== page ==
By Roger Schroepfer and Aimee LaLone
As a firm with significant government design expertise, we know many of our public sector clients find it challenging to effectively address behavioral health crises in their communities, especially when working with young people. Many times, minors detained by police suffer from mental health or substance abuse issues but have not committed a crime to allow for detention. If police officers determine a detained minor won’t face charges, the juvenile must wait to be picked up by parents or other guardians in what can turn into a traumatic environment. Rather than being placed in a safe, quiet space, they are typically held in police stations or juvenile detention facilities.
Traditional models rely heavily on law enforcement officers to assess situations in which minors are at risk, but they often have not been equipped with proper tools or training to do so. Detention facilities frequently act as de facto holding areas for individuals who may need specialized treatment or to be moved to a different space. To better help these young people get the care they need, some counties and communities are adding crisis assessment, or crisis care centers, to their detention center facilities. Oftentimes, multiple cities within a county collaborate with community and religious organizations to financially support the creation of crisis assessment centers.
Crisis centers are growing in popularity because they are designed to accommodate a range of crises, from mental to medical, and provide a safe place and continuum of care to minors in need. These centers create a central location for officers to drop off detainees and quickly get back to patrolling. Once in a crisis assessment center/care, young people have access to screenings, assessments, referrals and counseling professionals who can provide emotional support and ensure they receive the appropriate care.
Here are 3 reasons why crisis assessment and crisis care functionality should be considered when planning new juvenile detention facilities:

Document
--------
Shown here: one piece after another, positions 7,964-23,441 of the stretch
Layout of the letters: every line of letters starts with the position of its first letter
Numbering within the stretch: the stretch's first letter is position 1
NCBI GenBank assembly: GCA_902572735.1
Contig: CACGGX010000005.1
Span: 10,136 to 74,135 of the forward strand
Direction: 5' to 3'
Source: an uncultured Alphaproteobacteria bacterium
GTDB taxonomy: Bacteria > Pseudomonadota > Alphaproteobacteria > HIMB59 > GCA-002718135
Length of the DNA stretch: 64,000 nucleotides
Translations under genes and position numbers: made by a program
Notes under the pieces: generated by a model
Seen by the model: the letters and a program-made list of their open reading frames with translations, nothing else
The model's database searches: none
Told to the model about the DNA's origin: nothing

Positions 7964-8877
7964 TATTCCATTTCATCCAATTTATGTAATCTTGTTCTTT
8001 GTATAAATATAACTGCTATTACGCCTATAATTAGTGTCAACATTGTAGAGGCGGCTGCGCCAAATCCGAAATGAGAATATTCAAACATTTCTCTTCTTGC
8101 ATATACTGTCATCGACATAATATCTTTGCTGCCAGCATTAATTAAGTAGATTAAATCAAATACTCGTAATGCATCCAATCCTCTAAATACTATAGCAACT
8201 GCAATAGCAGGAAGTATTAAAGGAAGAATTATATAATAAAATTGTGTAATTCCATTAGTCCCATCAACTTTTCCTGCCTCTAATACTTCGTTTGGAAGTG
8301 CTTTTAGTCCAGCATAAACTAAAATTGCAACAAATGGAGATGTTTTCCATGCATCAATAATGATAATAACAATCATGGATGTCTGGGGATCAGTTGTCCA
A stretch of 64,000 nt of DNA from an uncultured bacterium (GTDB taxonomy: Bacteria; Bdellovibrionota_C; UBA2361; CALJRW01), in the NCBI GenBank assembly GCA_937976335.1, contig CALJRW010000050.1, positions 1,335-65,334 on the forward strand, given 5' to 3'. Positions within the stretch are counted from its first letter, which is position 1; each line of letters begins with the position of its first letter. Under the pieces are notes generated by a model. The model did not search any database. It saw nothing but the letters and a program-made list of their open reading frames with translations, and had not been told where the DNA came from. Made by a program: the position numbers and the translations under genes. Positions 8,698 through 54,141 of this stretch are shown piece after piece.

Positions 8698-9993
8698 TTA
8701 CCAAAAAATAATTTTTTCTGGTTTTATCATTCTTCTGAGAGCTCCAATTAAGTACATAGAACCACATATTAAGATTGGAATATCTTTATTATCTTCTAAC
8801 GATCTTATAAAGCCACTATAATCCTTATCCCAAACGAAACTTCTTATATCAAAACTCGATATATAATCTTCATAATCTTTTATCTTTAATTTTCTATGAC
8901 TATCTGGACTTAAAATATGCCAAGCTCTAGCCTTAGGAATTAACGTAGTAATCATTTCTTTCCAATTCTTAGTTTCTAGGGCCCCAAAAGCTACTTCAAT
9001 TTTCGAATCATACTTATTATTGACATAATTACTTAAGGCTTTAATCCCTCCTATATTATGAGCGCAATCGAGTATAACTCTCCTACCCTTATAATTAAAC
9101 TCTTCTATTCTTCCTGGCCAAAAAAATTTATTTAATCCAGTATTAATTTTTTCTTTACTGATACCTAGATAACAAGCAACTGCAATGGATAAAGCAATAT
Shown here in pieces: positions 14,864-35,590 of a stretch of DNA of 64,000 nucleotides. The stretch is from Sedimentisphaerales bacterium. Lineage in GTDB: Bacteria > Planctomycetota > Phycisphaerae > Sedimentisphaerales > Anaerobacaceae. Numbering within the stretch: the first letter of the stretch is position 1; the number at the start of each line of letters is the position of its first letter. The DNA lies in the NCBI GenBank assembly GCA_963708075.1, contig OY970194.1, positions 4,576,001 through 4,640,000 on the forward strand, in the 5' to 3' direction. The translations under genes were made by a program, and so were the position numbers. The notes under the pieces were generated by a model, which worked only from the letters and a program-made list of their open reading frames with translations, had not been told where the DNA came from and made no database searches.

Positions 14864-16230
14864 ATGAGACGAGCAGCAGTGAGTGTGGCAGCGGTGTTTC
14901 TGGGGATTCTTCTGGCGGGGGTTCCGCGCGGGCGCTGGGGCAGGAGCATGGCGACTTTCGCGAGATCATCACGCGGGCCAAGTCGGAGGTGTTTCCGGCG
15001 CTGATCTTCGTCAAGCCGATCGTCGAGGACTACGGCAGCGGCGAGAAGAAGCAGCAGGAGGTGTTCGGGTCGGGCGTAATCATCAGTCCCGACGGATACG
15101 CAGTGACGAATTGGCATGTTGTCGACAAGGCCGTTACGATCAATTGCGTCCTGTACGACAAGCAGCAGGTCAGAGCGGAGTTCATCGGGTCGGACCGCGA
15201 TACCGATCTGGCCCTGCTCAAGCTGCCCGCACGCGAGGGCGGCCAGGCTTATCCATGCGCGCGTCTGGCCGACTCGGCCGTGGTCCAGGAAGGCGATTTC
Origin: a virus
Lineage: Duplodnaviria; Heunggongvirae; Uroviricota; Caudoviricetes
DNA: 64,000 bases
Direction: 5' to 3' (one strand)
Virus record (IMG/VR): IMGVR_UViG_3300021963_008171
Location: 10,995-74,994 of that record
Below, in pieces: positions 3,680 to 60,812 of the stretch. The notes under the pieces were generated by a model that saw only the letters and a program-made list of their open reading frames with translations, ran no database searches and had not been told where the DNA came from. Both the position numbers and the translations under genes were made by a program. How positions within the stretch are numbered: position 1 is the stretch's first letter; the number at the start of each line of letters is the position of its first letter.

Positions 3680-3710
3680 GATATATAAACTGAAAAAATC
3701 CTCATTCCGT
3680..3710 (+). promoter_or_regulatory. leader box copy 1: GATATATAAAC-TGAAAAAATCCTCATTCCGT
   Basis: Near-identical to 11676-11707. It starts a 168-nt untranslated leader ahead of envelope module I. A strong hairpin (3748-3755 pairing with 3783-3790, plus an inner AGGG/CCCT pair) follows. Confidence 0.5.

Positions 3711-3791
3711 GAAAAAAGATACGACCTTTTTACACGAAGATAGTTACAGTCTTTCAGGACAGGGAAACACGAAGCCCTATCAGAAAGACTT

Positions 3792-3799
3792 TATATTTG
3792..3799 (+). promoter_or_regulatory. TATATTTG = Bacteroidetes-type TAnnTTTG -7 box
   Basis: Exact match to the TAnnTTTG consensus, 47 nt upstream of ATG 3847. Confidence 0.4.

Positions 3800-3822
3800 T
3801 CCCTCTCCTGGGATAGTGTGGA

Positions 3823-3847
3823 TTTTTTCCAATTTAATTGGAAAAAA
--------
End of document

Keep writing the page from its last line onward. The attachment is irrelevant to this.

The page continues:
Create safer communities
Crisis centers take a proactive rather than reactive approach to addressing juvenile behavioral health. Upon arrival at a crisis center, young people are typically assessed and receive counseling options or information on other resources that can address their needs.
They can also receive a referral for follow-up services and care, whether at a hospital, mental health facility or detox/rehabilitation facility. Providing juveniles with proactive solutions and ensuring they receive the help they need creates safer communities and decreases the likelihood of minors hurting themselves or others in the future.
Some juvenile justice systems, especially in smaller communities, lack the ability to support and provide sufficient mental health services for detainees, which can increase recidivism. Crisis centers can also be a familiar place to provide post-detention resources to keep up with a youth’s progress and treatment.
These services are especially helpful when crisis centers are directly attached to detention facilities and deliver continued care from incarceration to reintroduction into society. Ongoing care makes these centers successful and helps reduce the number of reoffenders.
Save taxpayers money
Over the past decade, the responsibility of mental health has shifted from state governments to local governments. Smaller cities struggle to keep up with their community’s needs, and many who suffer are met with dwindling solutions. With limited access to resources, law enforcement officers typically have only two options when responding to a person in a mental health or substance crisis: detention facility or the emergency room. Both choices are expensive operations to run.
A crisis center can be a good third option to provide local officers or family with a centrally located, fully equipped facility that reduces the time and money it takes to hold detainees and allows officers to return to duty.
How to design a comforting and functional crisis assessment and crisis care center
When designing crisis centers, visitors should expect professional service in a caring and supportive environment. Many people who arrive at these centers have histories of trauma, and a supportive environment is paramount. As designers, it is important to consider what will make young people feel at home and comfortable while getting access to the care and services they need. By focusing on design principles that are restorative, facility administrators in partnership with architects can foster rehabilitation and create spaces in which young people can access the resources they need to thrive.
Roger Schroepfer AIA, LEED AP, BD+C, NENA, is a government leader and partner at Wold Architects and Engineers and can be reached at firstname.lastname@example.org. Aimee LaLone AIA, LEED AP, BD+C, is a government leader and associate and can be reached at email@example.com.